In a decade Swansea have gone from fighting for survival to a first ever League Cup semi-final. Striding into 2013 ninth in the Premier League, a football great installed as their manager, preparing for their first ever League Cup semi-final against the moneyed power of Chelsea, there are endless opportunities for Swansea City supporters to pinch themselves.
A popular choice is comparing the first three fixtures of this year – Sunday’s 2-2 draw with Arsenal in the FA Cup, followed by Chelsea in the semi-final and Everton in the Premier League on Saturday – with the first three games of 2003. Ten years ago, with the club fighting to survive in the Football League’s bottom division and only just saved from the threat of extinction under the ownership of Tony Petty, who bought the Swans for just £1, they lost 3-2 to Bury and 3-1 to York City then finally ended a run of six consecutive defeats by beating Lincoln City 1-0.
The men who run Swansea do not exist in a state of permanent dazzlement by their achievement. They speak of greatly appreciating how good these times are, and vow repeatedly that the club will never sink back to any crisis like 2002, which is seared into all their memories. Huw Jenkins, a lifelong fan involved in saving the club then and now the chairman, explains their methods, their developed philosophy of football, in a way which seems grounded and quietly assured, not starstruck.
“We’re all pretty down to earth, we come from quite humble backgrounds,” says Jenkins, who used to run a Swansea building supplies company, of his fellow directors. “This is a run of games we could almost never have dreamed of 10 years ago, but there is no danger of us getting complacent. The most important thing: you have to have a clear vision of what you are doing.”
The philosophy, still wedded to taking care of the finances, extends to the selection of players – young men being offered their first taste of the Premier League, judged to be hungry for success. “Back with Kenny Jackett we could see what was needed to move the club forward,” Jenkins says. “We had to get away from the typical British 4-4-2 formation and 6ft 2in players who run around a lot. Most clubs don’t have a clear vision, they allow the manager to set the direction, then they change the manager so often, they get stuck in a merry-go-round. We had to go down a different route, to compete with clubs who think spending money is the only way to get success.”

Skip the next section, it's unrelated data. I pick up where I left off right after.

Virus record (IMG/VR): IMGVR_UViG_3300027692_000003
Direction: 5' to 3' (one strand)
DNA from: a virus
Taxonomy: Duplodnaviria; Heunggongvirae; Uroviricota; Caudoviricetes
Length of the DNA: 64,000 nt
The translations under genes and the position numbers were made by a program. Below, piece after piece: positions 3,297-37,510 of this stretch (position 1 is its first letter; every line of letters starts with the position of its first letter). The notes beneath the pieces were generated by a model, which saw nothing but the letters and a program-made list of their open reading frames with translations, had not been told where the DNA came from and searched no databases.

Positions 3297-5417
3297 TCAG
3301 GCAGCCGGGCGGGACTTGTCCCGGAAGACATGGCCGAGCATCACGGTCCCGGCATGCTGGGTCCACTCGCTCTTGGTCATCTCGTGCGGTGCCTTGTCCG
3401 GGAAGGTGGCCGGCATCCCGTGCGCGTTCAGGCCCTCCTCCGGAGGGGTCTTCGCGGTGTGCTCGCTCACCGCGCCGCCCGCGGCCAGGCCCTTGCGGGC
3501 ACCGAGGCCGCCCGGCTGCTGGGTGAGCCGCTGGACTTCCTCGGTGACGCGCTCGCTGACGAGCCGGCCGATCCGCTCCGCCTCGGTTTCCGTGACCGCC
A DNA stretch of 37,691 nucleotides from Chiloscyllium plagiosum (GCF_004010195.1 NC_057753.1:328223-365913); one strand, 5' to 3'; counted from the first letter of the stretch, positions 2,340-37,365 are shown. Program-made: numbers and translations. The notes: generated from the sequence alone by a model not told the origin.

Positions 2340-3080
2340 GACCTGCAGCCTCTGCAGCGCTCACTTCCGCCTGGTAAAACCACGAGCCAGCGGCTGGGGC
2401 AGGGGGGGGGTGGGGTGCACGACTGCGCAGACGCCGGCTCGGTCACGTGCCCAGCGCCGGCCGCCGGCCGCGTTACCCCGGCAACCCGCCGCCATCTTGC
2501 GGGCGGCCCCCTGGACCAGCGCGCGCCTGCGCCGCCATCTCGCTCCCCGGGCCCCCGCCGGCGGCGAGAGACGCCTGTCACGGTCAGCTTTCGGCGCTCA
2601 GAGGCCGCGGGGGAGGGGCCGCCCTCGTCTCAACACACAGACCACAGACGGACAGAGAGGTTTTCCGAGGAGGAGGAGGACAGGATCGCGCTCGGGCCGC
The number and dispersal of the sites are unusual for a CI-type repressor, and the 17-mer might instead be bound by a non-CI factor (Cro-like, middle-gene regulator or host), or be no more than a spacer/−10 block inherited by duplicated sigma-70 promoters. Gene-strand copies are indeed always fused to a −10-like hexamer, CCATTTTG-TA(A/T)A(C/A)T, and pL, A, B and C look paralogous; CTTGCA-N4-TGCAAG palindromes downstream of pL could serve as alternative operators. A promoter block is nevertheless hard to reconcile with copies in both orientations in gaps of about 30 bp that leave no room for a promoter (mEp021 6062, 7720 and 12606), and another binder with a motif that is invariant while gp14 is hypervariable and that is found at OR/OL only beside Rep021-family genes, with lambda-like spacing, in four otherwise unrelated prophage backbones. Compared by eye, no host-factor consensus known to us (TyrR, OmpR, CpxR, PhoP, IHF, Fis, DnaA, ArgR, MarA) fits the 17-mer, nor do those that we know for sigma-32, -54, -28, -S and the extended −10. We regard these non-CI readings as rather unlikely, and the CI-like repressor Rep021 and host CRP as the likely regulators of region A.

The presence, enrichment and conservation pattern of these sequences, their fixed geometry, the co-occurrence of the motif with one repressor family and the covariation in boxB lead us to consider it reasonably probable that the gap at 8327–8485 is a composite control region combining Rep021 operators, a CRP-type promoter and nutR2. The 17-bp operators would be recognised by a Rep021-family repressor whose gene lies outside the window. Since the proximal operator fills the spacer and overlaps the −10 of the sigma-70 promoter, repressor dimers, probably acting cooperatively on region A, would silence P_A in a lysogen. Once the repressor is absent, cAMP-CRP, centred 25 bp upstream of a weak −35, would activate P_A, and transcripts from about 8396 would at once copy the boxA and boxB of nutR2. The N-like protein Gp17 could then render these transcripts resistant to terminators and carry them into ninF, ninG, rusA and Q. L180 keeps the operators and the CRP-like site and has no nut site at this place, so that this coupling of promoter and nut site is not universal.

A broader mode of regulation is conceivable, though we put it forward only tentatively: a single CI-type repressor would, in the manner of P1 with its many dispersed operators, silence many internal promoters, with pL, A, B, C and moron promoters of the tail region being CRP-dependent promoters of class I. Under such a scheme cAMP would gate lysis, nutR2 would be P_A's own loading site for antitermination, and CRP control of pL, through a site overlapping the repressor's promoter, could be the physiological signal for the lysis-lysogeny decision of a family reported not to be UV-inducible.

In their first Premier League season last year, Swansea made a profit of £14.6m, on the enormous £53m increase in income brought by promotion, from £11.7m in the Championship, to £65m. Even the promotions were achieved without a permanent training ground, a position now being rectified with two complexes being built, one in partnership with Swansea University. The club has also submitted plans to enlarge the Liberty Stadium, eventually to 32,000, to cater to current demand.
The wage bill, notoriously difficult to control in the Premier League, almost doubled, from £17.4m in 2010-11 – which included the players’ end-of-season promotion bonuses – to £34.6m last year. The players have a standard clause in their contracts for their wages to reduce were the club to be relegated, a necessary protection.
Jenkins is quite proud of Swansea’s trading in the summer, a profit from the sales of Joe Allen, £15m to go to Liverpool with Rodgers, and Scott Sinclair, £6.2m to Manchester City, while Swansea signed Chico, Pablo Hernández, and, for just £2m from Rayo Vallecano, the stand-out languid talent of Michu. Swansea do intend to make two or three signings in January, although Jenkins is cagey about naming players Laudrup is considering.
Jenkins ascribes the loss-making financial whirlpool as the reason so many clubs are sold to overseas investors, including Cardiff City, now owned by Malaysians, while Swansea are owned by local people, and 20% by the supporters’ trust, the envy of fans at many other clubs. “We all take pride in going against the norm, where clubs lose millions of pounds and need owners to pump money in,” Jenkins says. “There is no need for it.”
Huw Cooze, elected by the supporters’ trust to serve as its director on the club’s board, says that, with hindsight, the circumstances favoured the trust, allowing it to buy such a significant stake when the club was facing collapse. “It has worked out well for us and it keeps the club close to the supporters; we feel it is still our club,” Cooze says. “Ten years ago we were down with the dead men, nearly out of the league. Now we hope Michael Laudrup can take us to another level. The feelgood factor in Swansea is huge, and, yes, we are all proud of our club.”